This evening I finished Mark Haddon’s The Curious Incident of the Dog in the Night-time, recommended to me by a good friend.  I can honestly say it’s unlike any other book I’ve ever read, and in a good way.  Haddon tells the story from the perspective of Christopher John Francis Boone, a 15-year-old boy with autism (actually, the book doesn’t specify what his behavioral problem is), which makes for an unusual and fascinating style: lots of stream-of-consciousness, lots of digressions, lots of literalism.

The story begins with a murder – well, to Christopher’s mind it’s a murder.   To others it’s simply the unfortunate killing of a dog, specifically the neighbor’s pet poodle Wellington.  Puzzled by the incident and fascinated with Sherlock Holmes, Christopher takes up the role of detective to discover who killed poor Wellington.  At first, the book seems like an unconventional murder mystery.  The reader is lead to believe that the point of the book is for Christopher to solve the mystery, and the first half of the story lives up to this expectation.  Christopher investigates (as best he can given his condition and his fear of strangers), looks for clues, and makes deductions, often with airtight logic.

Eventually Christopher’s father discovers his extracurricular activity and orders him to stop his investigation.  At this point the story takes an unexpected turn, as Christopher discovers information that throws him into confusion and calls into question his trust in his father.  Too frightened to stay at home, he sneaks out of the house in search of a new place to live.  His search sets him on a daunting journey longer than any he has ever taken by himself.  The trek involves overcoming some of his greatest fears: crowded places, loud noises, talking to strangers, using public toilets.  Through it all he perseveres and reaches his goal, only to find his new home is no better or safer than the one he left in fear.  Without giving away the ending, I will say that it is a happy one without lapsing into sentimentality.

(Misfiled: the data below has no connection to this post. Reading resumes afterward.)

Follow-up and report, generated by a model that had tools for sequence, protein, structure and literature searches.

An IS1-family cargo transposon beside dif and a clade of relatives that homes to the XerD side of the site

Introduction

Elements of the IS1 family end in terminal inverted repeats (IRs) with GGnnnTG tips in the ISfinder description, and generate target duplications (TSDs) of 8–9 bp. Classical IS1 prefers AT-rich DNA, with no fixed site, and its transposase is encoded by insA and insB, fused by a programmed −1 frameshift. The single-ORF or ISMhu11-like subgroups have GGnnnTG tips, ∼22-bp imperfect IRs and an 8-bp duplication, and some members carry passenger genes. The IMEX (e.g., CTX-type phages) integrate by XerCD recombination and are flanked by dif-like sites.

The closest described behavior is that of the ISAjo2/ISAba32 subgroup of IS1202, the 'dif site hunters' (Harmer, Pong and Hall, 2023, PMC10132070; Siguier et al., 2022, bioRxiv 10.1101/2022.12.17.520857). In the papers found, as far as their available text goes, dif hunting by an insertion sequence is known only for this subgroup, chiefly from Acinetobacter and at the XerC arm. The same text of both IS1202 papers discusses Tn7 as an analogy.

Curious Incident is a remarkable book.  The (authoritative and always reliable) Wikipedia notes that Haddon did no research on autism or Asperger’s syndrome for the book, nor does he consider himself an expert on the subject.  In fact, he regrets that the term “Asperger’s syndrome” appeared on the cover.  Nevertheless, the book paints a vivid and realistic picture of the mind of an autistic child, at least based on the very little experience I have had with the condition.  Christopher fixates on things most people ignore, which makes him much more aware of his surroundings, but at the same time makes his life much more complicated.  He is uncomfortable with human contact, to the point of screaming if a stranger touches him.  Because of his fixation, however, he can also do things that baffle most “ordinary” people.  He knows all the prime numbers up to 7,057.  He can solve complex math problems – he even prepares to take the A levels math exam, an important element in the story.  He can beat most people at chess and quickly calculate the probabilities of various outcomes in a game of chance.

Another interesting aspect of the story is Christopher’s reflections on language.  He doesn’t like metaphors because they are “lies,” whereas similes are acceptable.  He doesn’t completely understand why words like “spazzer” are unacceptable, when kids can make the accurate word “special needs” into an insult.  An apocryphal story is simply a lie, because it describes something that didn’t happen.  His perspective on the world is strictly black and white, making it difficult, bordering on impossible, for him to lie.

The book also opens a window onto the difficulties of raising a special needs child.  Despite his mistakes, Christopher’s father comes across as a patient and loving father.  The responsibility has clearly taken a toll on his life (as it did on his marriage), but he cares deeply for his son and does whatever he can to protect him, to a fault, as the reader discovers.

Curious Incident was a fun read and certainly one I would like to come back to at some point (but not this year :)).  If you’d like to learn more about the book, I recommend this interview with Haddon at Powell’s Books.

Twelve down, (at least) forty to go.

Ta,
J

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